UBC Theses and Dissertations
Interactions between the extracellular and transmembrane domains of IG-alpha/beta heterodimer are required for BCR assembly and cell surface expression Dylke, Janis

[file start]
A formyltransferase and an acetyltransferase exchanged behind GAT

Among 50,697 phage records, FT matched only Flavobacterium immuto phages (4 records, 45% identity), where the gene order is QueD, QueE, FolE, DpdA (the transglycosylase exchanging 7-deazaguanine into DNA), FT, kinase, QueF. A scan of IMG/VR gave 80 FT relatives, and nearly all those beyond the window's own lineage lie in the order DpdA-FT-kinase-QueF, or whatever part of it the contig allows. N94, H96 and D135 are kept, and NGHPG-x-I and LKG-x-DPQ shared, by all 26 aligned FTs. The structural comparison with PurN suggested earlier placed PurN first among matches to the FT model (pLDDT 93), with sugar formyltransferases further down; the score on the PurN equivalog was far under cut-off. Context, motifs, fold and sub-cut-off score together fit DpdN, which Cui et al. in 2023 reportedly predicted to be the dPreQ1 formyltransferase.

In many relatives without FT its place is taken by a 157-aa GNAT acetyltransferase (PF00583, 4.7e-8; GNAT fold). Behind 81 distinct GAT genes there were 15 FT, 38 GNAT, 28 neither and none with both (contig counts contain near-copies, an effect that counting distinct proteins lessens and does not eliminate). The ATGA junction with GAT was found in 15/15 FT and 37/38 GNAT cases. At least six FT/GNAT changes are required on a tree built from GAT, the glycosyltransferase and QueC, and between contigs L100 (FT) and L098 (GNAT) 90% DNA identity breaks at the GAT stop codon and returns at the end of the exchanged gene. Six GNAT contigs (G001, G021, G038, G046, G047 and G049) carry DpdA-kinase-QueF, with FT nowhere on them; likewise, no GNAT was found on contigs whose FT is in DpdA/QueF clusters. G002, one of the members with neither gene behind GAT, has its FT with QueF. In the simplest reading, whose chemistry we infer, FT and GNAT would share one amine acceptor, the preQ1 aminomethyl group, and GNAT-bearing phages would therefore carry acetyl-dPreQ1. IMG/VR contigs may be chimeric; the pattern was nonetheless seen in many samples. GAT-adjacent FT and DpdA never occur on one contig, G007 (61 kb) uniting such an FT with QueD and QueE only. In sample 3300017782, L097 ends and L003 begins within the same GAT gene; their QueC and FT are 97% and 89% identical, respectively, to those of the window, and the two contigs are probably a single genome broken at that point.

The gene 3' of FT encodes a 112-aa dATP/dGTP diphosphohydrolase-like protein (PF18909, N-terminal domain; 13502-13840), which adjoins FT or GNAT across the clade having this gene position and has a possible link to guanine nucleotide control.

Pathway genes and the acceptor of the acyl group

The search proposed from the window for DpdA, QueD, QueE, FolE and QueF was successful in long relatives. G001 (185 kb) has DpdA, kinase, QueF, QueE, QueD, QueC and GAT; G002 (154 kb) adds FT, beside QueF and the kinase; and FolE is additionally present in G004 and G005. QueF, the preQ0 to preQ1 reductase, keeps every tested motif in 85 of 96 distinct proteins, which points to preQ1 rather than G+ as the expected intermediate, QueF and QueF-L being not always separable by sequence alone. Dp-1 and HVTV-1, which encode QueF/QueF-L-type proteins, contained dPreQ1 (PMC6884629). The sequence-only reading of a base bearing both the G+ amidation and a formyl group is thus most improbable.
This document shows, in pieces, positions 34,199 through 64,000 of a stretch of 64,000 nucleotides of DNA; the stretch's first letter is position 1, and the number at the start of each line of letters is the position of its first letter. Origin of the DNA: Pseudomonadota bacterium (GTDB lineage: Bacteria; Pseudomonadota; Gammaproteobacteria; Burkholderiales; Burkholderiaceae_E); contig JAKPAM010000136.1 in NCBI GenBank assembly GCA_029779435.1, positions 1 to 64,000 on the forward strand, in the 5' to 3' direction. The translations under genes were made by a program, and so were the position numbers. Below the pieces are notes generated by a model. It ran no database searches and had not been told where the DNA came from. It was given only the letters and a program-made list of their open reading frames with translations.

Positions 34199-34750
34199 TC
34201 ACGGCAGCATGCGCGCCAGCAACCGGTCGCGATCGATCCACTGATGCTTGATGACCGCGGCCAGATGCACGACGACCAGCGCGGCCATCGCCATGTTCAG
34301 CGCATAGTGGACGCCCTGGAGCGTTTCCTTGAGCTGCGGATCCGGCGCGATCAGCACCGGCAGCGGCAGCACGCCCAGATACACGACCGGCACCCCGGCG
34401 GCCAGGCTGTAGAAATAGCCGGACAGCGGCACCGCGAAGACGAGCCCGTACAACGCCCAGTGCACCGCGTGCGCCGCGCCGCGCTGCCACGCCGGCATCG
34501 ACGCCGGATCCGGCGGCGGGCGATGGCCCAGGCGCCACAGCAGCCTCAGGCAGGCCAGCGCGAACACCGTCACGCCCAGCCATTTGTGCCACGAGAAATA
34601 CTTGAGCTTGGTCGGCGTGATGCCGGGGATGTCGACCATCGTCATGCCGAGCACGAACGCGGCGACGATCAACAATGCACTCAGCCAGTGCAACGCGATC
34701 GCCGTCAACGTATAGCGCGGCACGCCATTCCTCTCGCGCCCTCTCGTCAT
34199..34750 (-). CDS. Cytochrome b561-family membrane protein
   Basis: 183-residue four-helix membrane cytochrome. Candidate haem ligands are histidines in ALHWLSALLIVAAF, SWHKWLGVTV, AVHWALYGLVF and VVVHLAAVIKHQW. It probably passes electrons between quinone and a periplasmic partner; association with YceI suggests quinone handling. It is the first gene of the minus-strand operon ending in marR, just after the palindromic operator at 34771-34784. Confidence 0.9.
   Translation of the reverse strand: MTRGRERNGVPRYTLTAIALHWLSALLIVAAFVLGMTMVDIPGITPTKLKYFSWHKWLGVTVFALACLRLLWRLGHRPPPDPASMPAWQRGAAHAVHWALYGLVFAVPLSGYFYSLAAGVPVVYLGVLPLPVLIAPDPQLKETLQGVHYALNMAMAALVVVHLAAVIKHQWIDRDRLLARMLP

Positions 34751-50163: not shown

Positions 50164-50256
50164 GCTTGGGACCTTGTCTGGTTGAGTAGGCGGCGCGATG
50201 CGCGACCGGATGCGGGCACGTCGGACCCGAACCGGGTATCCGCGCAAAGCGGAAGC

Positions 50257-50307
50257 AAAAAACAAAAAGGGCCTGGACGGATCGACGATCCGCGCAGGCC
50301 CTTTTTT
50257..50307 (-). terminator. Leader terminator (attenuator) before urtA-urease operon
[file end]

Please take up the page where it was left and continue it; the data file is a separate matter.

The B cell antigen receptor (BCR) is expressed on the surface of B-lymphocytes where it binds antigen and transmits signals that regulate B cell activation, growth and differentiation. The BCR is composed of membrane IgM (mlgM) and two signaling proteins, Ig-α and Ig-β. If either of the signaling proteins is not expressed, the incomplete mlgM-containing BCR will not traffic to the cell surface. Our hypothesis is that specific protein:protein interactions between both the extracellular and transmembrane (TM) regions of Ig-α and Ig-β are necessary for receptor assembly, cell surface expression and effective signaling to support the proper development of B cells. While previous work has shown the importance of the T M region in BCR assembly, this study indicates that a heterodimer of the extracellular domains of Ig-α and Ig-β are also required for proper association with mlgM. Cell lines expressing mutated Ig-α proteins that did not heterodimerize with Ig-β in the extracellular and T M domains were unable to properly assemble the BCR. Conversely, an Ig-α mutant with an Ig-β cytoplasmic tail (Cβ (α/α/β)) was able to assemble with the rest of the BCR and traffic to the cell surface. Thus, both the extracellular and TM regions if the Ig-α/Ig-β must be properly associated in order for the BCR to assemble. Additionally, an Ig-α mutant with a truncated cytoplasmic domain (ΔαKVK (α/α/0)) was not able to associate with Ig-β, indicating that the cytoplasmic domain may play a role in BCR assembly. Further studies with truncation mutants are required to confirm this result. In the future additional Ig-α/Ig-β mutants will be expressed to better define the regions of protein:protein interactions.
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